Classical Music: How does the composer specify volume level?

I’m almost totally ignorant about classical music as I’ve only become really interested in it over the past couple of months. It seems to me though that many pieces would lose much of their impact if not for the variations in volume throughout the piece.

How is this translated onto sheet music?

Here’s wikipedia’s page that describes the notation for dynamics and relative loudness.

Dynamic levels are notated on the sheet music. Piano (soft,) forte (loud,) pianissimo (very soft,) fortissimo (very loud,) and so on. Crescendos are also written as part of the score, and individual notes are emphasized with markings. On top of all that, the visual direction of the conductor leads the performers.

On top of the dynamic markings, which the kind posters above have noted, many composers (including myself) will also add other notes for performers and conductors – sometimes stylistic hints that will give performers not only a clue as to how loud the piece should be played, but how the piece should flow. Useful words, from the classical word include:

cantabile – in a singing style
con moto – with motion
con brio – with vigor, brilliance, spark
con spirito – vigorously, spirited
molto – “a lot…”
grandioso – grandiose
dolce – sweetly, softly

… and so on. The composer also specifies tempo (the speed at which you play a piece) – italian words are often used for that, or metronome markings (beats per minute, according to a specific note count). Combine a few of these elements, and you can start a piece with a dynamic level at, say, pp (pianissimo, soft) with a marking for it to be played: Andante, dolce cantabile, in a sweetly singing, swaying tone, to be played at a walking pace (andante is about the speed of a leisurely walk).

You’ve set the feeling for the whole piece, right there.

:slight_smile:

Thanks for that link and for the answers from everyone else. I am even more awed at the complexity.

It’s also important to note that the various volume levels are not an arbitrary, measurable designation: one conductor’s “let’s play really loud here where it says Forte” is often another conductor’s “shoot, we can play louder than that”.

The whole field of musical interpretation of the composer’s dynamics markings is where you can get into really vicious, caviar-slinging arguments over So-and-so’s handling of the Such-and-such Symphony, etc. Much fun. :smiley:

You should learn to play a musical instrument, PM. Even if it’s just a beginner course in piano, it’ll give you much insight into the exotic world of Classical Music.

Trivia: Condoleeza Rice’s first name comes from the music notation Con dolcissima, “with great sweetness”.

Except Percy Grainger, who wrote things like “louden hugely”. :smiley:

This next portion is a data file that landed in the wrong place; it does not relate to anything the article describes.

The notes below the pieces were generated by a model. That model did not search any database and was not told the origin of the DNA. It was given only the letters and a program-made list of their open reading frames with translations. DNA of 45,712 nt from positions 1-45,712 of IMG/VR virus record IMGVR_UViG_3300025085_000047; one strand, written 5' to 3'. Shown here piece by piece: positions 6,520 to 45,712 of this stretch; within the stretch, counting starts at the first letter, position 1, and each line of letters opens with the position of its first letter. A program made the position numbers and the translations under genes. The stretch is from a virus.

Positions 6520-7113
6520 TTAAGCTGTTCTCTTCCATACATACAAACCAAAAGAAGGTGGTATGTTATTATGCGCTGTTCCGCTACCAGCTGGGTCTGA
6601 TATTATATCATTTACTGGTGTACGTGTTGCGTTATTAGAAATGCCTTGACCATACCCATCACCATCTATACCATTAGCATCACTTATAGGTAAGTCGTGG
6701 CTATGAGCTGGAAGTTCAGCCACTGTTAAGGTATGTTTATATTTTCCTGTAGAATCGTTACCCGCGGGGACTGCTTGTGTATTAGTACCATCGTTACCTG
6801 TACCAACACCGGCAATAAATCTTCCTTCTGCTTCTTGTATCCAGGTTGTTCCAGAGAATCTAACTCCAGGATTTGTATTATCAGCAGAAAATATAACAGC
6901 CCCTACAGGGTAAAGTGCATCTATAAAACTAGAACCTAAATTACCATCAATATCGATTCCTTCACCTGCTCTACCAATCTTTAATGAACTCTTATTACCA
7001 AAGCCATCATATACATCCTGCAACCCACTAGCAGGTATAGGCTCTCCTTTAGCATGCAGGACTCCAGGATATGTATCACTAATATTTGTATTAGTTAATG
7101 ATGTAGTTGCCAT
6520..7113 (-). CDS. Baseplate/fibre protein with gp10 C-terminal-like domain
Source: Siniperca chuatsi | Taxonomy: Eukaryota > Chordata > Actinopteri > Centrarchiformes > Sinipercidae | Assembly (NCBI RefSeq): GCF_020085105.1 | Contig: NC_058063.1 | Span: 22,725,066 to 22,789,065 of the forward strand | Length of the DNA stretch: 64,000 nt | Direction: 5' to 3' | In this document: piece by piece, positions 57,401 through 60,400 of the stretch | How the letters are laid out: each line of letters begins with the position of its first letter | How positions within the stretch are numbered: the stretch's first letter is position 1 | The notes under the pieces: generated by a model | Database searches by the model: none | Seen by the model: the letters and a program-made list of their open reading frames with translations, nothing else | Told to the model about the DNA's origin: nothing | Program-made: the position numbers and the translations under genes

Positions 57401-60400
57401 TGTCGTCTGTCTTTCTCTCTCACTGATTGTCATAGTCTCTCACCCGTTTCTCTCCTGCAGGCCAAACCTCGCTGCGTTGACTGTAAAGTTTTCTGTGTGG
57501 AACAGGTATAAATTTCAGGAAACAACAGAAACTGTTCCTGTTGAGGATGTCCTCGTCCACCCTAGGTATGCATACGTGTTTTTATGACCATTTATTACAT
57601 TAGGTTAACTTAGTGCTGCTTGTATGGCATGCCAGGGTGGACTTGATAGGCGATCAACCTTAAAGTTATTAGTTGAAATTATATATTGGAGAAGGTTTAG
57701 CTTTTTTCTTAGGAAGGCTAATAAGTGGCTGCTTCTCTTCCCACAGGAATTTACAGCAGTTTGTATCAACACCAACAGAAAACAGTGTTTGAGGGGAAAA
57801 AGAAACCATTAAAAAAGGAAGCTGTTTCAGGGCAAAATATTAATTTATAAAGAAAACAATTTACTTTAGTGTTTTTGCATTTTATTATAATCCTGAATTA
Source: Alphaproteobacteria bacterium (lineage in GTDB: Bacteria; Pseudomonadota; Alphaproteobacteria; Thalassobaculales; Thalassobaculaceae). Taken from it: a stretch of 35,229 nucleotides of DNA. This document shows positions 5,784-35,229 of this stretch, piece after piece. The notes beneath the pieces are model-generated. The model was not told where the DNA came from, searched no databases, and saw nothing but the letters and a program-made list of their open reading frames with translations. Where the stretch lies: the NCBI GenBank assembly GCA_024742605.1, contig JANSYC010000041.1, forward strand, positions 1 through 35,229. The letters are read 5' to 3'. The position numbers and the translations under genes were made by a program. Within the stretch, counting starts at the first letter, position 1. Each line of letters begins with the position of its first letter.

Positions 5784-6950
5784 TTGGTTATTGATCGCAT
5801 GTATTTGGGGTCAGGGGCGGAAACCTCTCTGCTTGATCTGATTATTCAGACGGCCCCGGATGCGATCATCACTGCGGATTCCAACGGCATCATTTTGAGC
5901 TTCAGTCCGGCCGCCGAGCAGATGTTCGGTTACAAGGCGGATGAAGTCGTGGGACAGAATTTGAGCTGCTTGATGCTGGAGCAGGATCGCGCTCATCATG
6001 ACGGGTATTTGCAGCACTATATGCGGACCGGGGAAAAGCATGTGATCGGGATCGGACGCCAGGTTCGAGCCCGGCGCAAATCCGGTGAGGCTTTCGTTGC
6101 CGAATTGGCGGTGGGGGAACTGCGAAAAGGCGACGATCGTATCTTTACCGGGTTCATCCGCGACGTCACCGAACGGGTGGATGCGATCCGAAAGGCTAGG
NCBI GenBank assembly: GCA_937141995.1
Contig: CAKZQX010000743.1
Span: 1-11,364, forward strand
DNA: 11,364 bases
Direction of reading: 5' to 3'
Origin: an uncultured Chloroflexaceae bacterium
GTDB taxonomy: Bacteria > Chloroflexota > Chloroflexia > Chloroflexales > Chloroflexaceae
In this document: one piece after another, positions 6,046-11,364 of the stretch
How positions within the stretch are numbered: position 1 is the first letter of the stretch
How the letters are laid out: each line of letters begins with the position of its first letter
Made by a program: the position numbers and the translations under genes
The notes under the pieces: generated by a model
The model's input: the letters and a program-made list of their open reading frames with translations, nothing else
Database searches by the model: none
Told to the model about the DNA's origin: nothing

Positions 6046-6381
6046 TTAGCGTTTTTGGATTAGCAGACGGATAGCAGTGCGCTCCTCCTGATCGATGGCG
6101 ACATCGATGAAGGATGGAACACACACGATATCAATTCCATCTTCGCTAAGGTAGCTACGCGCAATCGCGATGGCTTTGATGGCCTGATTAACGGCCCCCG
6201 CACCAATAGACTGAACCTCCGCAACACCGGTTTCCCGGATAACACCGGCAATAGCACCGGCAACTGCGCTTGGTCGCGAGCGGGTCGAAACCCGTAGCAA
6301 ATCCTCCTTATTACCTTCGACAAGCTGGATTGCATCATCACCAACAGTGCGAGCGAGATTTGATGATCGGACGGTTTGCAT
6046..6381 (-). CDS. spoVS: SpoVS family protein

I’ve played Grainger in the past, and I was always amused by these markings too. However, there’s a bit of a sinister side to them:

From the Wikipedia article on Percy.

The thought has crossed my mind more than once lately. Piano is definitely top of the list.

Trivia, part deux: The cannonfire in the 1812 Overture is annotated in the score: ffff, which I can only assume translates as “just really, ungodly freaking loud.”

That’s the classical equivalent of “It goes to 11.”

In addition to notations such as pp and ff, there are also a few denotations of expression, such as staccato, legato, marcato, spiccato, and pizzicato. Since it is very difficult (on some instruments) to play staccato and pianissimo, for instance, such expressions tend usually to suggest a given level of volume.

Some instruments have no variation in volume whatsoever: a harpsichord, for instance, plucks the strings at a constant volume regardless of the musician’s intent. Making a harpsichord louder employs a technique that is technically called “playing a bunch more notes and stuff, like, at the same time.” :slight_smile:

I know everybody knows this but for those that may not… the full name of the instrument known as the piano is really the pianoforte which literally means soft-loud. (Actually, the full name is the Italian translation for ‘Harpsichord with soft and loud’).

Why, because up until that time, keyboard instruments plucked the strings and the loudness could not be varied.

In that case, I’ve played pieces which go up to 14 :cool:

Well I’ll be damned. I’ve played things by Grainger and have ALSO noted the somewhat bizzare markings. However I just passed it off as him describing the dynamics etc. in his native language.

Crescendo poco a poco became getting louder little by little. :smiley: I got a good chuckle.

AIUI, being a fan of Elgar’s The Dream of Gerontius but not having played or sung it, there is a single chord where the Soul stands before God for an instant, and the composer directs that “each player should exert his utmost”. Most brass players, at least, would take this as a challenge. :smiley:

At the other end of the scale, I’ve seen pppp in Berlioz’s The Shepherds’ Farewell, third verse, and the conductor’s comment was “He really means it this time”.

Bloody brass players.

The Italian instruction possibile is not unknown in conjunction with dynamics, particularly cresc. and forte, as well as piano.

Then there’s a whole load of other markings which, while not simply being about dynamic level, have some crossover: it doesn’t take much Italian to work out what is mean by something like molto feroce.

Mostly it’s the trombonists you have to watch out for. We trumpeters are quite refined really. :slight_smile:

Gustav Holst specified the volume of the women’s choir in the “Neptune” movement of the Planets suite. He said they were…